Exclusive: Kingston SSDNow V200 Review: New(ish) And Improved At Last!

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Behold the majesty that is the solid state drive (SSD). When SSDs first appeared on the consumer market every laptop owner who saw one immediately wanted one. Unlike hard disk drives (HDDs) with moving parts that are prone to failure due to vibration or impact, SSDs have no moving parts (similar to a USB flash drive or thumb drive) and are significantly faster than the hard drive in your laptop.

But what happens if a mighty SSD actually turns out slower than an old hard drive? That was the problem facing the Kingston SSDNow V200 … a solid state drive that didn’t deliver SSD-like performance. Months after Kingston took the drive off the market, the V200 is back and promises to be better than ever. Is it good enough to help Kingston’s tarnished image?

In a word, YES.

The Kingston SSDNow V200 is a 7mm thick, 2.5-inch SSD available in capacities of 64GB, 128GB and 256GB. This SATA 3.0 (6Gb/s) SSD has advertised sequential speeds of up to 260MB/s read and 100MB/s write for the 64GB capacity, 300MB/s read and 190MB/s write for the 128GB capacity and 300MB/s read and 230MB/s write for the 256GB capacity.

The V200 is of a particular interest to modern laptop users because many new notebooks and most “Ultrabooks” are designed with a thin chassis that cannot hold a standard 2.5-inch SSD with a thickness of 9.5mm. Those new laptops and Ultrabooks require thinner 7mm SSDs like the V200.

The “desktop bundle kit” includes the SSD, cloning software, DVD with step-by-step installation video, cables (SATA data and power), and 3.5-inch hard-drive mounting brackets and hardware.

The “notebook upgrade kit” (contents pictured to the right) includes the SSD and spacer for notebooks that take a standard 9.5mm SSD, DVD with step-by-step installation video, Acronis True Image cloning software and a 2.5-inch external enclosure for easy OS and data transfer from your laptop’s HDD to the new SSD during cloning.

I Have A Need … A Need For Speed!

As previously mentioned, Kingston originally released the SSDNow V200 in November 2011. Shortly after its launch, Kingston received isolated reports (some of those reports coming from discussion forum members right here at NotebookReview) of performance degradation specific to write speeds on the 64GB and 128GB capacities. Kingston’s engineering teams began investigating and were able to confirm those reports. Kingston’s official explanation for the slow write speed of the V200 is as follows:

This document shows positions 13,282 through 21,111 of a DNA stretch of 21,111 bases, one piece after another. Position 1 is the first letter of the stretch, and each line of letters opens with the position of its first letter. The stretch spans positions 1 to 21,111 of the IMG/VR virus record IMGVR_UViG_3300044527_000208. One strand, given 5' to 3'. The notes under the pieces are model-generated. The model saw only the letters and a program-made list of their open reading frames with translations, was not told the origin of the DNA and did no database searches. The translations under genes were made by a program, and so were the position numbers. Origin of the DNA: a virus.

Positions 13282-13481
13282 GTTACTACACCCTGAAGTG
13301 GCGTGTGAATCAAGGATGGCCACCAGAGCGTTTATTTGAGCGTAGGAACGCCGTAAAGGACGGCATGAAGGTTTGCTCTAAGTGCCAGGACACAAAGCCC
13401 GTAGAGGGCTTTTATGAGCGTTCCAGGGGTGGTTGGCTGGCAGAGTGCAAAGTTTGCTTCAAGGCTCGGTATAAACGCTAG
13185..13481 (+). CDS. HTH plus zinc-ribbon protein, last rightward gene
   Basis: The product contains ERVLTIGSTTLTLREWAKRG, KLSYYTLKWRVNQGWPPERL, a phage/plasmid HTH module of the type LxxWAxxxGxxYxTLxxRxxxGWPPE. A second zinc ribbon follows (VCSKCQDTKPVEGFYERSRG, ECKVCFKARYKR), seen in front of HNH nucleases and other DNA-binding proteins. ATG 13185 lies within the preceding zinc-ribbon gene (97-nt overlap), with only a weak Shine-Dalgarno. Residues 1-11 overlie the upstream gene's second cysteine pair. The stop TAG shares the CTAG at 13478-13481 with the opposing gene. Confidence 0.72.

“Excessive nonuser initiated OS host writes (temp files, log files, etc.) would bog down the controller, and steady-state write performance would slow down below the stated specifications. Customers would not typically experience the slowdown but repeated benchmarking would exacerbate it.”

In other words, typical background activities common to a Windows environment would gradually impact the SSD’s controller chip and drop the write speed down to a fraction of the advertised speed. In some cases, that performance drop made the V200 as slow (or slower) than a bargain-priced 5400rpm hard drive … particularly when tested with benchmarking software to confirm the speed of the drive.

Kingston therefore put the drive production on hold and stopped shipping the V200 pending a fix. Now, after months of working exhaustively with its technology partners to solve this issue, Kingston is ready to resume shipment of the V200 SSD once again.

The More Things Change, The More They Stay The Same

So, did Kingston change the flash controller and core components in the new V200? Nope. It still uses a JMicron 668 Controller and Toshiba 24nm 3KP/E Cycle MLC NAND flash. In fact, the remedy for the slow performance was as simple as a firmware update.

The solution to the V200’s problem is a firmware upgrade that optimizes 4K random writes while restoring sequential read and write performance. In addition, Kingston reports the firmware upgrade provides a “significant boost to random write performance” over the original drive.

Some of our discussion forum members will recall that a beta version of a firmware update for the V200 was leaked online several months ago and that firmware update failed the fix the slow speed of the V200 SSD. The leaked firmware was never meant for public distribution and was a work in progress. Thankfully, as our performance tests of the new V200 show later in this review, the final firmware update indeed solves the speed issues that plagued the original V200.

All Kingston SSDNow V200 drives now shipping from the factory have the new firmware in place. Current owners with the old V200 drives will be able to download the new firmware update from the Kingston support website. It is important to note the 256GB capacity was not affected by the write performance degradation and continues to ship with its original firmware.

Now let’s take a look at the performance of the updated V200 …



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